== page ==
YouTube in hot water over reordering subscription feeds

YouTube in hot water over reordering subscription feeds
YouTube is facing public anger after tinkering with subscription feeds. The video streaming company claims it’s merely trying to help users “find the videos they want to watch,” but the users and creators are not amused.

The new subscription algorithm started displaying videos in a non-chronological order, and it didn’t sit well with some users. Having received complaints on Twitter, the YouTube team said the platform was “currently experimenting with how to show content in the subs feed.”

“We find that some viewers are able to more easily find the videos they want to watch when we order the subs feed in a personalized order vs always showing most recent video first,”the company said.

“Stop wasting our time,” said popular YouTube blogger Ethan Klein, “just erase the sub button already and show us what you want us to watch.”

British politician Nigel Farage was also alarmed by the new policy, remarking on the tendency of big social media to try “to control what you see, hear and think.”

“They are publishing companies with their own editorial positions and should be judged accordingly,” he said.

Many on Twitter expressed fear that the new algorithm was neither experimental nor temporary, but was a long time in development and will most likely be here to stay.

Several YouTube creators alo decried the new rules, saying they could destroy their channels and chase the most creative of them off. Some of them confessed that they had a sneaking suspicion something like this was coming.

“Every subfeed  decision for the past 6 years has slowly destroyed my channel,” said one creator, named Whizzy Waiter. “I have felt for a long time that it’s building towards this.”

YouTube, which was bought out by Google years ago and is now a subsidiary of its parent company Alphabet, is not the first social media platform experimenting with the idea of knowing better than its users what they want to see or hear.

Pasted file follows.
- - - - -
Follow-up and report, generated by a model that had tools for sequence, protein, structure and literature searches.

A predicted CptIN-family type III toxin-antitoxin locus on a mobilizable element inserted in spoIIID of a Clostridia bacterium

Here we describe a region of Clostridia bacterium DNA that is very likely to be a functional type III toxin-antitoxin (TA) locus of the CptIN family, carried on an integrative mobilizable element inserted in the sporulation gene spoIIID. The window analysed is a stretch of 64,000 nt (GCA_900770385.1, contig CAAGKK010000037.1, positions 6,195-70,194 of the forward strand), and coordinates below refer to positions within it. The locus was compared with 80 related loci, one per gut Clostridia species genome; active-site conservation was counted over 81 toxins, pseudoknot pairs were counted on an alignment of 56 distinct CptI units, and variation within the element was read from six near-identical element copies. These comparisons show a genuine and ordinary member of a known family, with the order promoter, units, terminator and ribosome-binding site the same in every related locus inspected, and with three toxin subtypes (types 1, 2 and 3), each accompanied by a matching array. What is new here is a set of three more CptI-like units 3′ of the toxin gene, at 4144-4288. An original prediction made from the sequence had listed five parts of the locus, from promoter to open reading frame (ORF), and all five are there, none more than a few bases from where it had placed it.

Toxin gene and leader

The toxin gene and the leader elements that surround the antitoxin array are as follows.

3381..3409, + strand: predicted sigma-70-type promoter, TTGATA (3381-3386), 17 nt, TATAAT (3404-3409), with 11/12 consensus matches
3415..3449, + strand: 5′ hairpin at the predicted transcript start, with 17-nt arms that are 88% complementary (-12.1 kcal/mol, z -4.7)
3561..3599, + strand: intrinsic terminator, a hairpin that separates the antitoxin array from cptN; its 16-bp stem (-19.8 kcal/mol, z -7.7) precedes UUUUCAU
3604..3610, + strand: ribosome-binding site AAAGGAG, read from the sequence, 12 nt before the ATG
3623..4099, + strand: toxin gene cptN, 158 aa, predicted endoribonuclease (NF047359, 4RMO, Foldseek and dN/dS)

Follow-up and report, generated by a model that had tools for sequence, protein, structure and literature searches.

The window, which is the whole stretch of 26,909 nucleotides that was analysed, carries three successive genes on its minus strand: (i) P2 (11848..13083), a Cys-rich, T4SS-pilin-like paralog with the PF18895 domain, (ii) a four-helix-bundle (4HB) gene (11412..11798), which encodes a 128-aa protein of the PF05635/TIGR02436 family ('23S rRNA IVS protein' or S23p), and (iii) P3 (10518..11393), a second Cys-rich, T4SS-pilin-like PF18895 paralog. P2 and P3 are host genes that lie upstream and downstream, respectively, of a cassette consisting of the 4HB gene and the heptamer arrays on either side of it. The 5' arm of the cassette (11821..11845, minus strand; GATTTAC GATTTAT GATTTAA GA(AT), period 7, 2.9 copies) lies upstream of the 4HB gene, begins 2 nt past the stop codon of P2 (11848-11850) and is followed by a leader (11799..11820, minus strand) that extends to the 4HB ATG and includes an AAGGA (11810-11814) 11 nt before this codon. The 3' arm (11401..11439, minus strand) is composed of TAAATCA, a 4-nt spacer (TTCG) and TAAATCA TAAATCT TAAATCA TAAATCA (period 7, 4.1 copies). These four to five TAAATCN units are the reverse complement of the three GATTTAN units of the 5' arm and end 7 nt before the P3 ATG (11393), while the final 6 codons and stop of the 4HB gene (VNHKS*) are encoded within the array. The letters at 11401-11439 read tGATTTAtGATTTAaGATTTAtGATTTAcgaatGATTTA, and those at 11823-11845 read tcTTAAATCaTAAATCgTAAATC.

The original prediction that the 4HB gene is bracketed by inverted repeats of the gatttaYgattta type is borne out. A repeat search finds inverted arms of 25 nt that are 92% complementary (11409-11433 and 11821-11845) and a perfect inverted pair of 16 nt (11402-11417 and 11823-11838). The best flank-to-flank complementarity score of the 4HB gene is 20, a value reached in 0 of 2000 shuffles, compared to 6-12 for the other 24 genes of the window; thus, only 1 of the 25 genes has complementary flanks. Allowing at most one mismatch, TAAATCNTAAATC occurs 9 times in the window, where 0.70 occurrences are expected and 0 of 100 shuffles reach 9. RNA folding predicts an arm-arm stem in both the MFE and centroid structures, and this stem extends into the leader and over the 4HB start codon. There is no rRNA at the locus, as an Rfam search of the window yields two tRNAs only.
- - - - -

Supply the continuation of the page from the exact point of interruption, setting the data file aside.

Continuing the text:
Twitter has also changed its algorithm, so that instead of presenting a straightforward newsfeed it prioritizes tweets that have received prior attention and may have a greater chance of being retweeted or mentioned.

Facebook recently introduced sweeping changes of its news feed policy, saying they were designed to make it more about “meaningful” human interaction instead of promoting businesses and news updates.

The updated news feed algorithm is meant to “predict” what posts any given user may want to talk about or share with friends, that will be likely “to spark a conversation.” The company is not saying as to how it would judge that.

Facebook has also partnered up with mainstream media outlets to rank “trusted” news content posted on the platform and enlisted the Atlantic Council’s digital researchers to watch out for “misinformation and foreign interference” during “elections and other highly sensitive moments.”

Both decisions have provoked controversy, as the fact-checkers are overwhelmingly leaning left, and the NATO-affiliated think tank has a habit of labeling any dissenters “Russian bots” or “trolls” despite overwhelming evidence to the contrary.  

Social media have come under increased scrutiny by Congress after the 2016 presidential campaign, with Democrats and many media outlets supporting Hillary Clinton claiming that “fake news” and foreign advertising somehow robbed her of the expected victory.

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